An Advance Care Directive is a written statement of your wishes for your future health care.

It comes into effect only if you are incapable of making health care decisions for yourself or communicating your wishes.

Why make an advance care directive?

You may have already appointed an Enduring Guardian to make decisions about your personal care and to give formal consent to medical treatment if you lose the capacity to make those decisions or give those directions for yourself. However, it is unlikely that such an appointment adequately sets out your wishes that carers, family, health professionals, hospitals and aged care facilities should follow in the event of future health issues.

What does an advance care directive cover?

The purpose of an Advance Care Directive is to give carers, family, health professionals,

hospitals and aged care homes clear guidelines to follow in the event of future health issues.

Who can make an advance care directive?

Anyone who is over 18 years of age and has capacity can make an Advance Care Directive.

Can I make changes to my Advance Care Directive?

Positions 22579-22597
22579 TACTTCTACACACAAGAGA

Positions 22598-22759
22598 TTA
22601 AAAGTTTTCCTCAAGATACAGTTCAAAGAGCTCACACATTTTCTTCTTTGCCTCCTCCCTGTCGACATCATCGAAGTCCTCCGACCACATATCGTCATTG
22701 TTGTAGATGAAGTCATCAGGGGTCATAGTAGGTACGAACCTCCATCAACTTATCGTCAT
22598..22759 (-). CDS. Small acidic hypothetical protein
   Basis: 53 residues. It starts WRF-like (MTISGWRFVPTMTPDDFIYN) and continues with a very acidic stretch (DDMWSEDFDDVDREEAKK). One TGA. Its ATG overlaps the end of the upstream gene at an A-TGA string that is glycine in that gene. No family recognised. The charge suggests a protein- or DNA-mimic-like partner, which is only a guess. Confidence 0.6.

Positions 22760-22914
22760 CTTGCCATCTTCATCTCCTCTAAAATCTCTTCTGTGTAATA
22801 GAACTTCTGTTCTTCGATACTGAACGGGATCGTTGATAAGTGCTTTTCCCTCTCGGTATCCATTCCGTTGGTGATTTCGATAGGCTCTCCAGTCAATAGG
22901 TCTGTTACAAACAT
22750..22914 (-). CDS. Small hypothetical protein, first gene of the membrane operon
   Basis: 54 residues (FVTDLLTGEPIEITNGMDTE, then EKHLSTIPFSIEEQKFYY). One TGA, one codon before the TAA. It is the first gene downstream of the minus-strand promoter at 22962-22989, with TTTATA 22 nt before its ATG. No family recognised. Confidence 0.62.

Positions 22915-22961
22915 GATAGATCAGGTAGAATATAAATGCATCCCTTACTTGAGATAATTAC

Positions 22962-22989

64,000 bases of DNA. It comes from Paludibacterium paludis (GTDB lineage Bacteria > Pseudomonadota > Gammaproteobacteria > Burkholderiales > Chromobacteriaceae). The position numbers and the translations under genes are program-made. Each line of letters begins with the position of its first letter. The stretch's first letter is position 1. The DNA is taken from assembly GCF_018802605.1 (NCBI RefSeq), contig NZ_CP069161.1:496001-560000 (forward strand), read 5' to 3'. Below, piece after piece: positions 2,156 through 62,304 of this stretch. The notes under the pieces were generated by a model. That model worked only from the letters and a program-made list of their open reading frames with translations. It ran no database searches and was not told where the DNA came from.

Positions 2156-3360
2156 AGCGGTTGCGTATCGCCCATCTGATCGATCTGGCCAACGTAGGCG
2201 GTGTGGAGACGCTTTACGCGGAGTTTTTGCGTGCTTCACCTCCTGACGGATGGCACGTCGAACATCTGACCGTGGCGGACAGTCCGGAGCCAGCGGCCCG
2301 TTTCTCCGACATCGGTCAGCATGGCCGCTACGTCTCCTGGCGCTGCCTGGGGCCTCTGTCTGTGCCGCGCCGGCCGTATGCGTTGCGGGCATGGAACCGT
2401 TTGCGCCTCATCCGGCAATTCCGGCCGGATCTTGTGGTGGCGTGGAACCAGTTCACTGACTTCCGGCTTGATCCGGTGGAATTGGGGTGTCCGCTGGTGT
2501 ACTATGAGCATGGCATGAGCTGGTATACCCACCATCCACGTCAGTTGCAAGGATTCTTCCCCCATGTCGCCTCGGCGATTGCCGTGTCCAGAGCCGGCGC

You are free to change or revoke your Advance Care Directive at any time while you remain mentally capable of doing so.  We recommend you review your directive every two years or if your health changes significantly.

What is “Capacity”?

There is no single legal definition of capacity in New South Wales. However, generally it is expected that someone wanting to give an Advance Care Directive should be able to:

  • understand the facts involved in the decision-making and the main choices available;
  • weigh up the consequences of those choices and understand how the consequences affect them; and
  • communicate their decisions.

People with impaired cognitive capacity may be vulnerable to exploitation and may not be able to protect their own legal interests.  In some cases obtaining confirmation of a person’s capacity from a doctor prior to completing an Advance Care Directive is appropriate.

Before completing an Advance Care Directive, you must consider what medical treatment you would want to receive if you became ill. We recommend that you consult your doctor before completing the Advance Care Directive and discuss any medical issues that you may not be clear about and the effect of the directions you are providing.

If you would like more information on Estate Planning, please use this link to download our free Estate Planning eGuide which is on our website.  For any advice in relation to Advance Care Directive please phone our Estate Planning Division on 9525 8688 or email for more information and assistance.